As an aside, I’m looking forward to BaconBizConf at the end of this month for the same reasons – I have no doubt it will also be a great place to be for those who are interested in getting better at making money. :)

I could write several blog posts about terrific takeaways from this conference, but in this one I want to focus on the urging (especially by Hiten Shah and Mike Taber) to focus on customer development when starting and growing your business. This topic had a particular impact on me at this time because it’s been on my mind the last few weeks.

A couple of weeks ago I had the privilege of attending the Switch Workshop put on by the Rewired Group and hosted by Jason Fried of 37 Signals. That one-day workshop (which I also highly recommend) was entirely focused on how people make purchasing decisions, and how understanding that process can help you find the right customers and give them the value for which they are searching. Going through that workshop really got me in the mindset of putting myself in my customer’s shoes (and head), and letting that drive the decisions I make about my business. I had been interested in customer development before, but that workshop really sold me on just how effective it is to talk to customers about how and why they’ve made the decisions they have made.

I work with entrepreneurs quite a bit in my consulting business (in fact, I work almost exclusively with people who have an idea and are wondering how they can convert that idea into a business), and all too often I see a lack of diligent customer research cause time and money to be wasted, building a product or service that not enough people really want. That’s the bad news. But the good news is that this particular problem is actually easy to overcome! And, even better, it doesn’t have to take a lot of time or money! And, best of all, it’s even fun! That workshop, and the emphasis that Hiten and Mike placed on really understanding your customer, gave me the the information and motivation I needed to implement a process to solve this problem for my own business and help others who face this very common problem.

The super-simplified, fun-to-follow and obscenely-effective process can be broken down into two steps. First, follow Hiten’s advice, and start with a hypothesis, which I’ll paraphrase a bit:

We believe that (some type of customer / customer segment) has a problem (with something or doing something)

Once you fill in the blanks with a very specific description of what you think your ideal customer is and with a description of what the job they want done is, then you are ready to move on to step number two (and this is where it gets fun): talking to those customers. But here’s the trick: Don’t talk about you! Talk about them! Talk about who they are and what they do (thus making sure they really are your target customer, and/or helping you learn about who your target customer is). Then, talk about what they are doing today to solve the problem that you are thinking of addressing. Ask them how they came to the solution that they are using, or how they confronted the problem on which you are focused. If all goes well, you’ll end up talking very little about the product or service idea in your head, and instead you’ll end up hearing a lot about what they do and how they do it, which will give you such good insights that you’ll find yourself smiling as they are talking.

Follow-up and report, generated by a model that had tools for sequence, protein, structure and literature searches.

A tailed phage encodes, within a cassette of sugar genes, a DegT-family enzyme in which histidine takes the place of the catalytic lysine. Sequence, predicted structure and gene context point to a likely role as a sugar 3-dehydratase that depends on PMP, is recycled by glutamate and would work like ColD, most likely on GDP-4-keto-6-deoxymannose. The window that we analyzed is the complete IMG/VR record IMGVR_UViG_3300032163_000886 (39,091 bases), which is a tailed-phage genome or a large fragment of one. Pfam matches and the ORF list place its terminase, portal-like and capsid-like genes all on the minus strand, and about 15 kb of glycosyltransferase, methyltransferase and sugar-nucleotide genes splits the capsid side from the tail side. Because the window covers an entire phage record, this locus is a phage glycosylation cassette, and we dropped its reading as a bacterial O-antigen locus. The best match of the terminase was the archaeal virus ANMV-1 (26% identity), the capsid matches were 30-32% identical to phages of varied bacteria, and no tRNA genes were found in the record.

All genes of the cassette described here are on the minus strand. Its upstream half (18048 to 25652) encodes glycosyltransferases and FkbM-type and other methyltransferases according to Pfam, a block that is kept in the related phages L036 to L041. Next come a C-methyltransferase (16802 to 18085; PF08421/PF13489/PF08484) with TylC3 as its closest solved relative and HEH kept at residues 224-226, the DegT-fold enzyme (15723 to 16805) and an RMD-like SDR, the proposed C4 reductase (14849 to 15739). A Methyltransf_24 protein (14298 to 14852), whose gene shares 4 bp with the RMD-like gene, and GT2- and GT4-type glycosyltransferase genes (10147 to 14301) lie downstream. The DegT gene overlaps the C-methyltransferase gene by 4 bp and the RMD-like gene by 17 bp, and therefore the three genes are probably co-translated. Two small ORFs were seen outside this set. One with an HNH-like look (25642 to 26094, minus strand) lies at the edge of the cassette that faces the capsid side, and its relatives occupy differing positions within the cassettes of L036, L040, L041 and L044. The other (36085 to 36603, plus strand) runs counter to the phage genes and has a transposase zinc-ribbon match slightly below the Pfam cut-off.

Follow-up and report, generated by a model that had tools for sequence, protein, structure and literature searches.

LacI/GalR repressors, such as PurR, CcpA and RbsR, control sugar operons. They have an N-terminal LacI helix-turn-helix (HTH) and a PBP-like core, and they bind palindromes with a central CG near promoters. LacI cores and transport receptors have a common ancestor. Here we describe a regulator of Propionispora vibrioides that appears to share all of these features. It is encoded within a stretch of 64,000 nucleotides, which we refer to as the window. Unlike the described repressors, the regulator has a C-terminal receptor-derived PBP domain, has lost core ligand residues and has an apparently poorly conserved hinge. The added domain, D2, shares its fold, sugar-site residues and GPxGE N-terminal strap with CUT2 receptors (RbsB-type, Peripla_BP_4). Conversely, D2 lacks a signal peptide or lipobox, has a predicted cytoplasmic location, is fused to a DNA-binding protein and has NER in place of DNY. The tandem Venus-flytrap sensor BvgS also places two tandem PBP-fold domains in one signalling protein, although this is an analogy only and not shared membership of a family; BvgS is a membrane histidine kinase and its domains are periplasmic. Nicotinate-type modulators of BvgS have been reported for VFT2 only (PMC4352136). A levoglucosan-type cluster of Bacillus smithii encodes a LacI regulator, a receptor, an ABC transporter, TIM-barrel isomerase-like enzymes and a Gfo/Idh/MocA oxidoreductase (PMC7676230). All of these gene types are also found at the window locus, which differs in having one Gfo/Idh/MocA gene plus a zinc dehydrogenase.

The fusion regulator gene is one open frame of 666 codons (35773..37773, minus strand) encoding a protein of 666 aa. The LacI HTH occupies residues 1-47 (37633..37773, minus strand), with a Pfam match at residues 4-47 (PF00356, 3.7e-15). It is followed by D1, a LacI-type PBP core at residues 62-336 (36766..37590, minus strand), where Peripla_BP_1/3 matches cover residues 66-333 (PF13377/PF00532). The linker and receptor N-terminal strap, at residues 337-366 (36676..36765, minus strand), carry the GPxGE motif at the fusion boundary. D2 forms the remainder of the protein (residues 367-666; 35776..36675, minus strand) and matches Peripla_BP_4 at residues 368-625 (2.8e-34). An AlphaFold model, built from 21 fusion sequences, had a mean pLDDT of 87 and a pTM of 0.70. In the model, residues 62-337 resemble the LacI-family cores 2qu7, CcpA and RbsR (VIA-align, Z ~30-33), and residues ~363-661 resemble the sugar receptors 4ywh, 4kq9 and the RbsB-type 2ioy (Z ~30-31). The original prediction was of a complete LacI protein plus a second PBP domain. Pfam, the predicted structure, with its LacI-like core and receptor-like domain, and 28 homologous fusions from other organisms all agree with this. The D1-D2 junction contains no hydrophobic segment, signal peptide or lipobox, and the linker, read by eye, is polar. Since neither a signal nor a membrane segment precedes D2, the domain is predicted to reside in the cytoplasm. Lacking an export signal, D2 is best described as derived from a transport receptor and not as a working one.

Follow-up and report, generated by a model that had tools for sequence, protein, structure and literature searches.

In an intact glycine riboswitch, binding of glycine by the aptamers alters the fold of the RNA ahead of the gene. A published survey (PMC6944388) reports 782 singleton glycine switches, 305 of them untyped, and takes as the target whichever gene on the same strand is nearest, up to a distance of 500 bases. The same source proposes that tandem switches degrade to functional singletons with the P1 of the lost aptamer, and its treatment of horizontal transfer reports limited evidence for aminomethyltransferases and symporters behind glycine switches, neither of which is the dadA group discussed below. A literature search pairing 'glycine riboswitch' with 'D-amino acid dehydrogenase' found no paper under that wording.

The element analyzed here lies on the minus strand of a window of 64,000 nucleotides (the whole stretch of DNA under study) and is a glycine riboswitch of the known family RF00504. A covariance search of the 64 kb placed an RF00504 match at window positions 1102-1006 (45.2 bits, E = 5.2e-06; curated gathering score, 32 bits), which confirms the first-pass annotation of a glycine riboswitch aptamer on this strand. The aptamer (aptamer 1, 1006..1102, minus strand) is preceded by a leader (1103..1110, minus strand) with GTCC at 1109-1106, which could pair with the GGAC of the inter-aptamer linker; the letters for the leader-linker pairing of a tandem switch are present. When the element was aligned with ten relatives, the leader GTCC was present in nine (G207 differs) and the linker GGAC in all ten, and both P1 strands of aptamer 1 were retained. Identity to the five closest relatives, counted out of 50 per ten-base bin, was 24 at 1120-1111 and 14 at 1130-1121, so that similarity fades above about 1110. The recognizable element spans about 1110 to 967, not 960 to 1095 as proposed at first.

Of course this process isn’t limited to just new ideas, products, or services. You can use this same process when working on a new feature for your current product, or when trying to find out why what you are currently offering isn’t quite as successful as you’d like it to be.

Now, you might be wondering how I know this process is worthwhile and fun. It’s because I’ve done it myself, of course! :) And I can certainly attest that it works wonders. In fact, I got to practice the process while still at MicroConf, since some of the attendees are ideal customers for my Rails application monitoring service, Honeybadger. There’s a new feature I’ve been thinking about the past few weeks, and I wanted to make sure I was on the right track with it. I had a hypothesis that Rails developers would like a better way to do activity X than the way they are currently doing it. So I found a few Rails developers that I had already been talking to during the conference, and I asked them one question: When do you do activity X and why? From that one simple question, and a short conversation that followed it, I realized that I was indeed on to something with my planned feature. More importantly, what I heard from my customers let me know that my planned approach was actually a bit flawed. And better yet, I realized that the approach that would better solve the problem (as they saw the problem) would actually be easier for me to implement than my initial plan. I was thrilled!

I hope my small and simple experience of doing customer development – and particularly interviewing customers – has helped persuade you to get out there and do it yourself, if you aren’t already doing it.

If you think this sounds interesting, and you’d like some help saving time and money while using this process to help build your product or your next feature, do get in touch. I’ll be happy to answer your questions or provide whatever help I can.

Rails Caching Strategies (a Presentation)

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Tonight I gave a presentation at the Rails Meetup in Seattle on caching strategies with Rails, and I had a great time. I’m convinced Rails developers don’t use caching enough, and we have so many good options for caching in our apps, we really should be avid practitioners of caching. :)

I had a request to put my slides up, so here they are. They are a bit more useful if you have the context of the words I said along with them, but that’s the way these things go, right?

For those of you who were there, I suppose I should apologize for mentioning (so many times) the Airbrake competitor that I recently launched. After the 2nd or so time I mentioned it, it became a bit of a joke to see how many times I could mention it, and I do hope I didn’t annoy you. :)